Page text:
28The Original County Matching Requirements – Problems with AB 1288 AB 1288 required counties to make specific deposits of revenues into the Local Health & Welfare Trust Fund even if counties has not actually received these revenues from the State. The AB 1288 statutes were enacted in expectation that counties would receive an even distribution of realignment revenues on a month-to-month basis. The requirements of AB 1288 immediately created problems for counties.PROBLEM #1: The estimates were based on a full year of the new revenues from increased Sales Tax and VLF.PROBLEM #2: The recession continued to impact the economy and actual receipts were much lower than the original estimates for the two revenue sources.The mandatedHard-DollarMatch was$1.1 billion
29AB 1491 Solved Some Problems SOLUTION: Enactment of AB 1491 (Chapter 611, Statutes of 1991) corrected the situation by specifying that counties must deposit realignment revenue as the funds are actually received by counties from the State.Another important provisions of AB 1491:The allocation schedules for each account within the State’s Local Revenue Fund was modified following input from the counties in order to correctly establish health, mental health & social service “base” allocations.Allowed counties to use the portion of realignment revenues originally attributed to the “Stabilization Fund” for discretionary (non-realignment) expenditures. The Stabilization Funds were $15 million per year for specified counties and those funds were folded into the distribution of funds from the Social Services Account. (County Stabilization Funds were established pursuant to Government Code through )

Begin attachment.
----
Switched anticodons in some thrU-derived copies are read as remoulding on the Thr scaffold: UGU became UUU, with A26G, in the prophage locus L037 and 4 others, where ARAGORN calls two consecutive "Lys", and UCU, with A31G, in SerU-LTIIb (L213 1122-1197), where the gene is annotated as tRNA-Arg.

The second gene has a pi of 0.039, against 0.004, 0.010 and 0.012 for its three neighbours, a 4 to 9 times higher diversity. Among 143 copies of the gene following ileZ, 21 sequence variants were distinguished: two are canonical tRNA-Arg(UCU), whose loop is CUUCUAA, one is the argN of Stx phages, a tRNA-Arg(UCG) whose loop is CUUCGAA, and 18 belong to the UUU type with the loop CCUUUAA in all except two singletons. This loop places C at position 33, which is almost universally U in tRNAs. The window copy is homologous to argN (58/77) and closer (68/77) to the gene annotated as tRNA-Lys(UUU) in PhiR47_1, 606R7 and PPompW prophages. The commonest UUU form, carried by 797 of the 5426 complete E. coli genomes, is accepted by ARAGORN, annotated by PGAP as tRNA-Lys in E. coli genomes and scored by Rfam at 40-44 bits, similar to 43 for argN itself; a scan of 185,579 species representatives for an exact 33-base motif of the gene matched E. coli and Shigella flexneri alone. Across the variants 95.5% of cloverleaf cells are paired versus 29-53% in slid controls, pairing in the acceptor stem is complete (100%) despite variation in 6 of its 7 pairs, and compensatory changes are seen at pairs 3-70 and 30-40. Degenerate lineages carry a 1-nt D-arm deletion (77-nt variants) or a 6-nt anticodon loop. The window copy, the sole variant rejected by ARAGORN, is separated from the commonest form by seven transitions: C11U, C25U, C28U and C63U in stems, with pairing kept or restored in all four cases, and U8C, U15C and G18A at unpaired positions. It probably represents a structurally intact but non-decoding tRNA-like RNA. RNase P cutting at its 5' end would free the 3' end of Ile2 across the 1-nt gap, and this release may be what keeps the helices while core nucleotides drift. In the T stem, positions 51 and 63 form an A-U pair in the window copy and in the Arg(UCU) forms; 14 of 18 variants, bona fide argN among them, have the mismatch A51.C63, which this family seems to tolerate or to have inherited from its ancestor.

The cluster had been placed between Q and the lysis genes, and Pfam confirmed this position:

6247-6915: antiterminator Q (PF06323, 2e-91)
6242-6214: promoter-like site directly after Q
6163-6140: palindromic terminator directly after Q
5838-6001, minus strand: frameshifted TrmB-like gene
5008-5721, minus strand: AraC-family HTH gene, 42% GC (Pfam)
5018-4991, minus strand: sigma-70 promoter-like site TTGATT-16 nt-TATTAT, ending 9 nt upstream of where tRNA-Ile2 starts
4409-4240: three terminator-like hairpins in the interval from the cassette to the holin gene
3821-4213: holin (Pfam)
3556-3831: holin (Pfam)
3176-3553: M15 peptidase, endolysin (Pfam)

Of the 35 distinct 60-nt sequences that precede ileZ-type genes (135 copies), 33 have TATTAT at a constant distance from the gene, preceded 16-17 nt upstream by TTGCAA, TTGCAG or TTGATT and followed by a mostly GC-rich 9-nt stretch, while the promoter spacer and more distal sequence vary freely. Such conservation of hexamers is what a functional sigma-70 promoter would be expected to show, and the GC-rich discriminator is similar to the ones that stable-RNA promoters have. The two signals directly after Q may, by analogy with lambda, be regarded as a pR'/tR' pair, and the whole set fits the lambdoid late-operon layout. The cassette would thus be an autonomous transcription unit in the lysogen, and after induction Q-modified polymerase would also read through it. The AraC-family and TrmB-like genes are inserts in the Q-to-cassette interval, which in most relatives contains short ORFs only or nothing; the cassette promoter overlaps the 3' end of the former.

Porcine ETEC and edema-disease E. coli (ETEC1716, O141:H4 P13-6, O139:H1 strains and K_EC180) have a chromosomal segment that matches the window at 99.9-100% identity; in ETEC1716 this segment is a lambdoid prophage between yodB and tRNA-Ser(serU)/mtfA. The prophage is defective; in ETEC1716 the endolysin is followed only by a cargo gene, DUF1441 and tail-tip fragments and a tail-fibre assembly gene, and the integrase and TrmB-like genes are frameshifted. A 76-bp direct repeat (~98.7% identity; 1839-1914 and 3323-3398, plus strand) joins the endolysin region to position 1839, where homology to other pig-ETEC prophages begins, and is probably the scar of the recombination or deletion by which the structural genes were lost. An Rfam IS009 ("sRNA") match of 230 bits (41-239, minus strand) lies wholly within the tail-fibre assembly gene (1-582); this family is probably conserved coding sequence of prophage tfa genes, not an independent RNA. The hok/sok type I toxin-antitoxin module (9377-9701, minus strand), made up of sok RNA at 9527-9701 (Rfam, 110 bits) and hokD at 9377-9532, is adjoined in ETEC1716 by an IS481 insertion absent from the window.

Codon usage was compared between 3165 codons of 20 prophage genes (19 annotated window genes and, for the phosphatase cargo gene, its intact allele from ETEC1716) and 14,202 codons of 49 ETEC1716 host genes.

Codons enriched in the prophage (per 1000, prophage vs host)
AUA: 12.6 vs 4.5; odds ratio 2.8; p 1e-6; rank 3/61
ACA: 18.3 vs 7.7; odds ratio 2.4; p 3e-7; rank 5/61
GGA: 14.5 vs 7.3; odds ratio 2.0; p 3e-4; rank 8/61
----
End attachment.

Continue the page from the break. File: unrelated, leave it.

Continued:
30Understanding the Social Services Account – Description of “Netting” The Social Services Account is a “netted” account.This captures information about new program savings that were attributed to reducing the county share-of-cost for realigned programs, as well asNew or increased county shares-of cost that were established by realignment.